Since China joined the WTO in 2001, it has almost quadrupled its exports while imports have more than tripled. In 2007, its trade surplus reached $262 billion. Some 45% of its trade receipts stem from Asia, while Europe and North America each receive 21% of China's exports.

The participation of Least-Developed Countries (LDCs) in world trade has been increasing over the past five years, albeit slowly, said the report. In 2006, the ratio of trade to GDP in LDCs continued to grow. For merchandise, LDCs' share in world trade grew to 1% due to the higher international prices of commodities. Their share of trade in commercial services amounted to 0.4% only. However, trade in commercial services is increasing in all major sectors, such as transportation, travel and other commercial services. Transportation services showed steady growth between 2000 and 2006, resulting in an average annual increase of 14%.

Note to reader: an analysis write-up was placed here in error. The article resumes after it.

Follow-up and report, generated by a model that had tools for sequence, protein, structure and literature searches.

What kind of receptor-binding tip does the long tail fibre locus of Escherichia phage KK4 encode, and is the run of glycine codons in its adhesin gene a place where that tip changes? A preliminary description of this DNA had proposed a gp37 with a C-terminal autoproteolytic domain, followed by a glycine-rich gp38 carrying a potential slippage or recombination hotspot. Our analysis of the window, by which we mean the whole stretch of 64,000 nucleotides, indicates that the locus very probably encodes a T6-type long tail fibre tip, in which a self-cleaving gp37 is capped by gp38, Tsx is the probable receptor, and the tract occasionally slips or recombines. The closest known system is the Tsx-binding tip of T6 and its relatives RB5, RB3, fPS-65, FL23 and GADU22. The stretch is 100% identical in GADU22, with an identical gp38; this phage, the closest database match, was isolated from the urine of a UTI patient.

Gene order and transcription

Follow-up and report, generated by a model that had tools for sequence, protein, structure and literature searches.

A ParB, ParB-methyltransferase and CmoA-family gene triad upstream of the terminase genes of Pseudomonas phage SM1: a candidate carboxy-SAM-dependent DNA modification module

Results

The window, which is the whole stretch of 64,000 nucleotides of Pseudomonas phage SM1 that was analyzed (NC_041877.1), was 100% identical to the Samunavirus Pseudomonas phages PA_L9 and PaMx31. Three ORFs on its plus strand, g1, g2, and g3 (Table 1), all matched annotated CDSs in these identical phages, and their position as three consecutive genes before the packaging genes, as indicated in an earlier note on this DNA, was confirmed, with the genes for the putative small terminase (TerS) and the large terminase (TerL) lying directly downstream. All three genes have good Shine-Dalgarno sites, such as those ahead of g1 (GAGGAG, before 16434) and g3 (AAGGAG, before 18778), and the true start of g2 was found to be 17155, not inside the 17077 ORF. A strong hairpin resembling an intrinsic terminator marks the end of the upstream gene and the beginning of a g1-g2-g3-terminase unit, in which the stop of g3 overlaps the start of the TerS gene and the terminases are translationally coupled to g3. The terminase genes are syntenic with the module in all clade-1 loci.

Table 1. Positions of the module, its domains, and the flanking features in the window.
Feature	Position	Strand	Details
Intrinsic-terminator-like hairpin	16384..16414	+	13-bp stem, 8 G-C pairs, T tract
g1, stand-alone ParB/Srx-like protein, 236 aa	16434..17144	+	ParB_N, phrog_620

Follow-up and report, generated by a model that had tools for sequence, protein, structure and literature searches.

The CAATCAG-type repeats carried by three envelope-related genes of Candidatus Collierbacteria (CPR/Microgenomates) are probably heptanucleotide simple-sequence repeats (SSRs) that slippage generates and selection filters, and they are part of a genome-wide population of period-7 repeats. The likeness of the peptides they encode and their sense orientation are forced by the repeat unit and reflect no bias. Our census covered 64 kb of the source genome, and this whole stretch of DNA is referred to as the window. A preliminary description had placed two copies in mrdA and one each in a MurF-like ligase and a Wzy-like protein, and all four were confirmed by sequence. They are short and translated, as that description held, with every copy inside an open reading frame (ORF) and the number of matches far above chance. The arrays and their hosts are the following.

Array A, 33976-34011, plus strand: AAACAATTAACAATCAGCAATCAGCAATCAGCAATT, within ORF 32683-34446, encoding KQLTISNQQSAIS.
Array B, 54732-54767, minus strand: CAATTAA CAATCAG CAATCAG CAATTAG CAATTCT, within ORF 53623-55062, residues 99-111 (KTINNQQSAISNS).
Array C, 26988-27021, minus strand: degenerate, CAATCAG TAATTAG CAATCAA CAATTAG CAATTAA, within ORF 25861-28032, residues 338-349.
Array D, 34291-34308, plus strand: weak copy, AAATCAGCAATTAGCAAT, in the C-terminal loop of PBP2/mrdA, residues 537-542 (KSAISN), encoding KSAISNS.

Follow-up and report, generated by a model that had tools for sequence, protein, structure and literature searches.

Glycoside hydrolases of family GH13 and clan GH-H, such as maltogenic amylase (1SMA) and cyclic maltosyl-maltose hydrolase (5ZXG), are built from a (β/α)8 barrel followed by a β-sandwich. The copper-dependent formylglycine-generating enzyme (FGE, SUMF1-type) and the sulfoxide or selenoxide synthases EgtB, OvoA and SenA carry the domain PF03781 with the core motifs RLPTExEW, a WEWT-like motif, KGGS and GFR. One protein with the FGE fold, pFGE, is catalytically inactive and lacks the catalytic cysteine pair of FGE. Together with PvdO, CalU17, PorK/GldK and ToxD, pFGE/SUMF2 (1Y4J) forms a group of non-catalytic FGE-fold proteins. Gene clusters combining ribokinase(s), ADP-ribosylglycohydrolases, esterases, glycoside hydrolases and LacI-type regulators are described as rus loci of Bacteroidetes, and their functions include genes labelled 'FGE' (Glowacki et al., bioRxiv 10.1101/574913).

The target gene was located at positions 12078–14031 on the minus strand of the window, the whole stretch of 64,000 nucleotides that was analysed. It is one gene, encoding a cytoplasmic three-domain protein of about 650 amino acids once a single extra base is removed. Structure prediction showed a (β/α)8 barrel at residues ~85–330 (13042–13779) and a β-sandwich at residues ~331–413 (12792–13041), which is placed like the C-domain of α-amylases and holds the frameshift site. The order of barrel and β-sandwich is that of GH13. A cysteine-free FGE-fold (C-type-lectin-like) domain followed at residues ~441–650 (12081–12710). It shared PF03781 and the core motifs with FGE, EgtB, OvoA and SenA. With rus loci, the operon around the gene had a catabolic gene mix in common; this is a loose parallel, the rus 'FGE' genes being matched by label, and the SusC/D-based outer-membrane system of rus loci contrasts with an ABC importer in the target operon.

The report noted that in 2007, the value of trade in commercial services increased at a faster rate (18%) than trade in goods (15%) for the first time in five years. This was mainly due to the expanding international supply of many services and to the increase in transportation prices. While the services sector generates approximately two-thirds of the total world value added, its share in total trade remains below 19%.

In 2007, the major exporters of commercial services remained the European Union, the United States, Japan, China and India, which together represented just under two-thirds of world exports. In recent years, China and India's exports of commercial services have increased much faster than the world average.

Prices of agricultural products increased by 14% in 2007, compared with 7% for manufactured goods and 11% for fuels and mining products. This price rise helped to boost the value of agricultural exports, which rose by 19%, exceeding the performance of both manufactured goods and fuels and mining products, said the report.